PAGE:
Conclusions: Interoperability with provider EHRs has had an impact on NDIIS data quality. Timeliness of data entry has improved and overall doses administered have remained fairly consistent, as have the immunization rates for the providers assessed. There are more technical and non-technical interventions that will need to be accomplished by NDIIS staff and vendor to help reduce the negative impact of duplicate record creation, as well as data completeness.
Keywords: Immunization information systems, electronic health records, meaningful use, HL7, data quality
Immunization information systems (IISs) are confidential, population-based systems that record immunization administration data from participating providers, provide consolidated immunization histories at the point of care and provide aggregate data on vaccinations for use in surveillance to increase immunization rates and reduce vaccine-preventable disease. In 1995, the Centers for Disease Control and Prevention (CDC) compiled a list of required and optional core data elements for IIS. The National Vaccine Advisory Committee (NVAC) reviewed and updated the IIS core data elements as part of their Initiative on Immunization Registries. The CDC incorporated the NVAC recommendations and again updated the IIS core data elements in 2012 to correspond with the IIS functional standards and IIS Strategic Plan for 2013-2017. The purpose of the core data elements is to help standardize the capture of data in the IIS and to facilitate the consistent exchange of data between the IIS, electronic health record (EHR) systems and other IIS.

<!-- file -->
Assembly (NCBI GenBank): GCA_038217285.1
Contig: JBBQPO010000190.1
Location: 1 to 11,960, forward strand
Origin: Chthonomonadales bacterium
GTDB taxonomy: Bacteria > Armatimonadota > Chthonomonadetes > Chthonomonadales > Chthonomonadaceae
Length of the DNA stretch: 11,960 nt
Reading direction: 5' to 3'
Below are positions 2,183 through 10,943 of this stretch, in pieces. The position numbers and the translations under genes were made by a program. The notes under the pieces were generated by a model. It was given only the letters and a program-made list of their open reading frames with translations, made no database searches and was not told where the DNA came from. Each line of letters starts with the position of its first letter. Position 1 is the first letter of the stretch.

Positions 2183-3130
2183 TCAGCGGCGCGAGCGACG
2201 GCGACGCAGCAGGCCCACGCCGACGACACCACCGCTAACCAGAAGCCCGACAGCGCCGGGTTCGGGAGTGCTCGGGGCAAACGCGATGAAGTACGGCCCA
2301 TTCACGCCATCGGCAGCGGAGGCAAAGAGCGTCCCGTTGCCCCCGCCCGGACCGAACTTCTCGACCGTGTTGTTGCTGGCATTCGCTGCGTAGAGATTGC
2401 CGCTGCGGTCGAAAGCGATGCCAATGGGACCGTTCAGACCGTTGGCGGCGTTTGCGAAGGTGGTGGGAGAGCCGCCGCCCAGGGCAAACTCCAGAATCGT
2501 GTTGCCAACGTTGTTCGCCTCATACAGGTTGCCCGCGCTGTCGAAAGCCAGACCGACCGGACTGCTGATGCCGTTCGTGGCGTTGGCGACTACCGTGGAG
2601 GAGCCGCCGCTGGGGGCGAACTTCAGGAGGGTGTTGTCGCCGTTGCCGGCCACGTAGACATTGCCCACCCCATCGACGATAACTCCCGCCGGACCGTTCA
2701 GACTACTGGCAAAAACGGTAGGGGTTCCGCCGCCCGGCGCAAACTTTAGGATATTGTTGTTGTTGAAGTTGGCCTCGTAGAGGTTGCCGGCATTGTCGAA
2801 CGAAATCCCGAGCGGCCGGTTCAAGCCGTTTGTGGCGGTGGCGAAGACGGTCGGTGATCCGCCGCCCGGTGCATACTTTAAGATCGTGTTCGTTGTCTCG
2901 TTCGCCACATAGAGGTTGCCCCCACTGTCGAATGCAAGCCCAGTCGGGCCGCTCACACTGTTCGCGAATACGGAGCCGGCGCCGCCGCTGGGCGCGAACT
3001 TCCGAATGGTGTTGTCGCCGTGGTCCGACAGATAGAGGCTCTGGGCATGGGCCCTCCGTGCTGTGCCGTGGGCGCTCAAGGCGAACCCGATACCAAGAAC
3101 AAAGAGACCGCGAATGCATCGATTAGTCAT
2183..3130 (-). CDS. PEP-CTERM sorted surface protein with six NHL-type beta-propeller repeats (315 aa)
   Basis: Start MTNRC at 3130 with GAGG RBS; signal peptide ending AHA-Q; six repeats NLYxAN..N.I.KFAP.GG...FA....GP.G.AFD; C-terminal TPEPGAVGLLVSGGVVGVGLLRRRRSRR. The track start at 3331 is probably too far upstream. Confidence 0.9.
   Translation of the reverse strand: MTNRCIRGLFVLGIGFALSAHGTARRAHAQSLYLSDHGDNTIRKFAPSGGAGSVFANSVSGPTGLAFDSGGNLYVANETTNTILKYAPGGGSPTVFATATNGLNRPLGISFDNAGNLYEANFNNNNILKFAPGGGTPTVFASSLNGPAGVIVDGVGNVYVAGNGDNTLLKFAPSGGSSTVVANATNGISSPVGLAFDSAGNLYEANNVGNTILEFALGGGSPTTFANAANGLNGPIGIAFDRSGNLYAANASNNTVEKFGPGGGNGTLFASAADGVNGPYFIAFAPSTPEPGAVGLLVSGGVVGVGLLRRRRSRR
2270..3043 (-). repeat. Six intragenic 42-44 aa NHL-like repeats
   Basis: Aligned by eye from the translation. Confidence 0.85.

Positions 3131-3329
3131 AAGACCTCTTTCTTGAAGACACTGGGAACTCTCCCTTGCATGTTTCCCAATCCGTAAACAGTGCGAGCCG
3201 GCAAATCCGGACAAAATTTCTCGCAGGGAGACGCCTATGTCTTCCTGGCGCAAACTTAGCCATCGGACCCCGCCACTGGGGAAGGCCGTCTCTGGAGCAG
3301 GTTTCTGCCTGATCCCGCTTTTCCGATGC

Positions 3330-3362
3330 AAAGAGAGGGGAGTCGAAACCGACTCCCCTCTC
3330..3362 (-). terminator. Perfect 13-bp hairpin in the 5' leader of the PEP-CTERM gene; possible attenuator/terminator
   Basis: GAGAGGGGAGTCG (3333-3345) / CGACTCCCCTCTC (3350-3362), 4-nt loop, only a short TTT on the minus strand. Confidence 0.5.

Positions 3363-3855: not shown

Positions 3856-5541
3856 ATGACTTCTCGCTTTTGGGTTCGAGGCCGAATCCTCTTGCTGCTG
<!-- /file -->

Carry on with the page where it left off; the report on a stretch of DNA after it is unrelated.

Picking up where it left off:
When the American Recovery and Reinvestment Act (ARRA) was enacted in 2009, one of its goals was to promote the adoption and increase the “meaningful use” of EHRs. The Centers for Medicare and Medicaid Services (CMS), in coordination with the Office of the National Coordinator for Health Information Technology (ONC), have set different criteria that must be met by participating providers in order to receive an incentive payment. One of the public health reporting criteria included in all three stages of meaningful use is the electronic exchange of data between an EHR and an IIS. This electronic exchange of data is referred to as interoperability. According to the Healthcare Information and Management Systems Society (HIMSS), “interoperability is the ability of different information technology systems … to … exchange data, and use the information that has been exchanged.”
In 2010, the North Dakota Department of Health (NDDoH) received ARRA funding to establish real-time, bidirectional interoperability connections between the North Dakota Immunization Information System (NDIIS) and the EHRs of the state’s providers responsible for the highest volume of childhood (< 6 years) immunizations. Prior to 2010, the NDIIS was not interoperable with any providers. All providers entered immunizations directly into the NDIIS, in addition to entry into their EHR. As of August 31, 2013, the NDIIS was interoperable with 186 individual provider practices that represented more than half of all doses administered to children 18 and younger in the NDIIS.